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Think You Finally Understand the PPP? Think Again… Because It Has Been Amended

On June 5, 2020 H.R. 7010—known as the Paycheck Protection Program Flexibility Act (the "Act")—went into effect. The Act amends the Paycheck Protection Program (PPP) created by the $2.2 trillion Coronavirus Aid, Relief, and Economic Security (CARES) Act. Although the amendments provide greater flexibility for employers, they may also require reconsideration of prior understandings and decisions.

Paycheck Protection ProgramThe Act reduces the amount of PPP funds that have to be spent on "payroll costs" from 75% to 60%. Further, the Act enables an employer to elect to extend the covered period evaluated in connection with loan forgiveness from 8 weeks from the loan origination date to 24 weeks from the loan origination date or December 31, 2020, whichever is earlier—likely the former. As a result, employers have more time to satisfy the requirement that 60% of the funds be spent on "payroll costs."

There may be drawbacks, however, to this extended timeframe—namely the potentially negative impact on an employer's ability to terminate employees, since the loan forgiveness calculation evaluates the number of full time equivalent employees during the entire elected covered period. Before making a timeframe election, employers should consider staffing needs and the amount of PPP funds yet to be spent, and take care to understand the ramifications the election may have on loan forgiveness reduction.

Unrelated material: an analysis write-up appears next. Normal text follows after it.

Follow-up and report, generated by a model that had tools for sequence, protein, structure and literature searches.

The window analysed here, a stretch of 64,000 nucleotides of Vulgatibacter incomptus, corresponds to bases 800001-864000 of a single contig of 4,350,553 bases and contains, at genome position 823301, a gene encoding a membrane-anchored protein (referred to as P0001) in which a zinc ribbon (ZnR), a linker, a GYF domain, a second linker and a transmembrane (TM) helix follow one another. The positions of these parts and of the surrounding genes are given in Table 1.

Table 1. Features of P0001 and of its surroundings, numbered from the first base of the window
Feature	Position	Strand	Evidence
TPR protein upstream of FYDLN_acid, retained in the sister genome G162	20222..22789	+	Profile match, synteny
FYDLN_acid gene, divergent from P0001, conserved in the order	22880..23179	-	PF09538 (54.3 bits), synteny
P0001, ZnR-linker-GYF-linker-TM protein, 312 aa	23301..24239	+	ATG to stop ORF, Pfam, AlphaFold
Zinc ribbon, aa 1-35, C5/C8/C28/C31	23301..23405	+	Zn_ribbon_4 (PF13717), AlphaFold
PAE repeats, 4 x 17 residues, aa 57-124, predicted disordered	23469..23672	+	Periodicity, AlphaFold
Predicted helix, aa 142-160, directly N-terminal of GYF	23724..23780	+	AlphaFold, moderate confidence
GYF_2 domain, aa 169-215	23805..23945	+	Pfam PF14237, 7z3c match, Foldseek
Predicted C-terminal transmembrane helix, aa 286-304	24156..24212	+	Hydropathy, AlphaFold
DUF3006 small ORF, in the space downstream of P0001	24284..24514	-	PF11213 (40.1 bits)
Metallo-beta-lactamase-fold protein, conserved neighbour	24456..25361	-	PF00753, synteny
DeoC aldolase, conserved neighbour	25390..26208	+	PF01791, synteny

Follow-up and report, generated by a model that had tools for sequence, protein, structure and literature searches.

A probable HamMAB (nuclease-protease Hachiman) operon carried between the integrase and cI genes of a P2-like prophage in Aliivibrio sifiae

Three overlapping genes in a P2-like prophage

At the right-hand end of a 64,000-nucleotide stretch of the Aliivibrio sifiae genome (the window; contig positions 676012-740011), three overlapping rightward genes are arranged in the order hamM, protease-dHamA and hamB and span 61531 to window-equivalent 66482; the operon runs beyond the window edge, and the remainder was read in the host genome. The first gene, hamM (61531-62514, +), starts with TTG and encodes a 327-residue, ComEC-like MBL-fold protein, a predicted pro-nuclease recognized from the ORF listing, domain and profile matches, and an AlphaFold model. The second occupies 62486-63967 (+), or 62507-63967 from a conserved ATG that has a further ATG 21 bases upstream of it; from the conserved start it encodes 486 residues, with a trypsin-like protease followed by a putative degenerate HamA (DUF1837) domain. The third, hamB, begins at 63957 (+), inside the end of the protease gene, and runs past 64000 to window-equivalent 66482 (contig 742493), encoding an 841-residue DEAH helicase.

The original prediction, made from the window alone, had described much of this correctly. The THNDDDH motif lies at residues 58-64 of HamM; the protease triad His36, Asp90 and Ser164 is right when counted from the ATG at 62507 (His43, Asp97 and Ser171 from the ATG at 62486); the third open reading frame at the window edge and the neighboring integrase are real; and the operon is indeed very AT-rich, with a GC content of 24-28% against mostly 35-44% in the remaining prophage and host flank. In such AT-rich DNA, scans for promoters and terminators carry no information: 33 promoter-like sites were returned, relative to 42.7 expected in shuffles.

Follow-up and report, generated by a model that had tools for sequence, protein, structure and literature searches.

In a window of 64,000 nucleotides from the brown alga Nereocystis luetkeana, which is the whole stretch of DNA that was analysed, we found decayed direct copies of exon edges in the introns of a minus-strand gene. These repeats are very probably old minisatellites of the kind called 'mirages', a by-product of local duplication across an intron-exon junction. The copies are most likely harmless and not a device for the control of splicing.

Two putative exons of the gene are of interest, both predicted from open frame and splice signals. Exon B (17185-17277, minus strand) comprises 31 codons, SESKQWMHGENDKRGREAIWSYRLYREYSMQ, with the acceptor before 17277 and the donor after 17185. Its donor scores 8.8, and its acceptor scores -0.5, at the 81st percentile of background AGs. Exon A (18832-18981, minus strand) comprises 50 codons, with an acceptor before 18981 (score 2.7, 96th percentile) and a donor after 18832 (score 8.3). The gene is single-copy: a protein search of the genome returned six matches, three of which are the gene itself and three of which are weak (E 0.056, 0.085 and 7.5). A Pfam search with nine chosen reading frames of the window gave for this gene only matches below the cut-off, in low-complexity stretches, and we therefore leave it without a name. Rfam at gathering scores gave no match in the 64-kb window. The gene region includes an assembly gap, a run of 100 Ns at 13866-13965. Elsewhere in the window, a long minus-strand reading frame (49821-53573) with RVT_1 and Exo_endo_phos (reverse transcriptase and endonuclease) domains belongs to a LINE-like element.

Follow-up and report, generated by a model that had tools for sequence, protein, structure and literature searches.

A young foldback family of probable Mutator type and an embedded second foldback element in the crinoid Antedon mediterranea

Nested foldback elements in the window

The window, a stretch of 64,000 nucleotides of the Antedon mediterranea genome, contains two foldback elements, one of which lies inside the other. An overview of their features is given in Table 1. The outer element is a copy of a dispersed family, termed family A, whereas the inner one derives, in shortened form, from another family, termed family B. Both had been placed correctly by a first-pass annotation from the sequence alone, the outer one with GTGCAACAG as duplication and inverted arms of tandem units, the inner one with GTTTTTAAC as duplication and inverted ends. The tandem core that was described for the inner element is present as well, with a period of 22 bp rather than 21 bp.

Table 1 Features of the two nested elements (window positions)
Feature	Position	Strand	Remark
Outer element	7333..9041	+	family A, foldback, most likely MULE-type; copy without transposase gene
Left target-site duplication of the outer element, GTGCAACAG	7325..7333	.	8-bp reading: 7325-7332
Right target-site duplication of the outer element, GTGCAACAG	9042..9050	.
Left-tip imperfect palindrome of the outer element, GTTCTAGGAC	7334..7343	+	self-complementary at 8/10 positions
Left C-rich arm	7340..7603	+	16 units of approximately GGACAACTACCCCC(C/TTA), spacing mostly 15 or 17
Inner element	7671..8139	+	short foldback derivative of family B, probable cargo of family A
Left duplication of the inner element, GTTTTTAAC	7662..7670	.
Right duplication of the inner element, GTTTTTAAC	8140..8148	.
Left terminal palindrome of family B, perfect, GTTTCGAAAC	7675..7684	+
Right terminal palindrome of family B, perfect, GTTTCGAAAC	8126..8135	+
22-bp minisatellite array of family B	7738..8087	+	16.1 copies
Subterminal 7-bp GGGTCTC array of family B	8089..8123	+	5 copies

Notably, if employers terminated employees between February 15 and April 27, 2020, they may be able to avoid the loan forgiveness reduction if they rehire these employees before December 31, 2020 under the Act. Previously, the CARES Act attempted to provide employers with a similar safe harbor for rehires prior to June 30, 2020. The Act clarifies that if an employer can document an unsuccessful attempt to rehire, such failure to rehire will not be held against it for forgiveness purposes.

The minimum maturity term for any portion of a PPP loan that is not subject to forgiveness has increased from two years to five. The Act also attempts to create forgiveness flexibility for businesses who can document an inability to "return to the same level of business activity as such business was operating at prior to February 15, 2020" for a variety of reasons. Additional information on these details are available in this "Legislative Fix for PPP Loan Forgiveness Problems" alert. Finally, the Act permits borrowers to defer all 2020 social security taxes—even if the PPP loan is forgiven prior to the end of the year.

Overall, employers will benefit from the increased flexibility provided under the Act. However, PPP recipients should familiarize themselves with the recent changes so that they can best take advantage of the options the Act provides.

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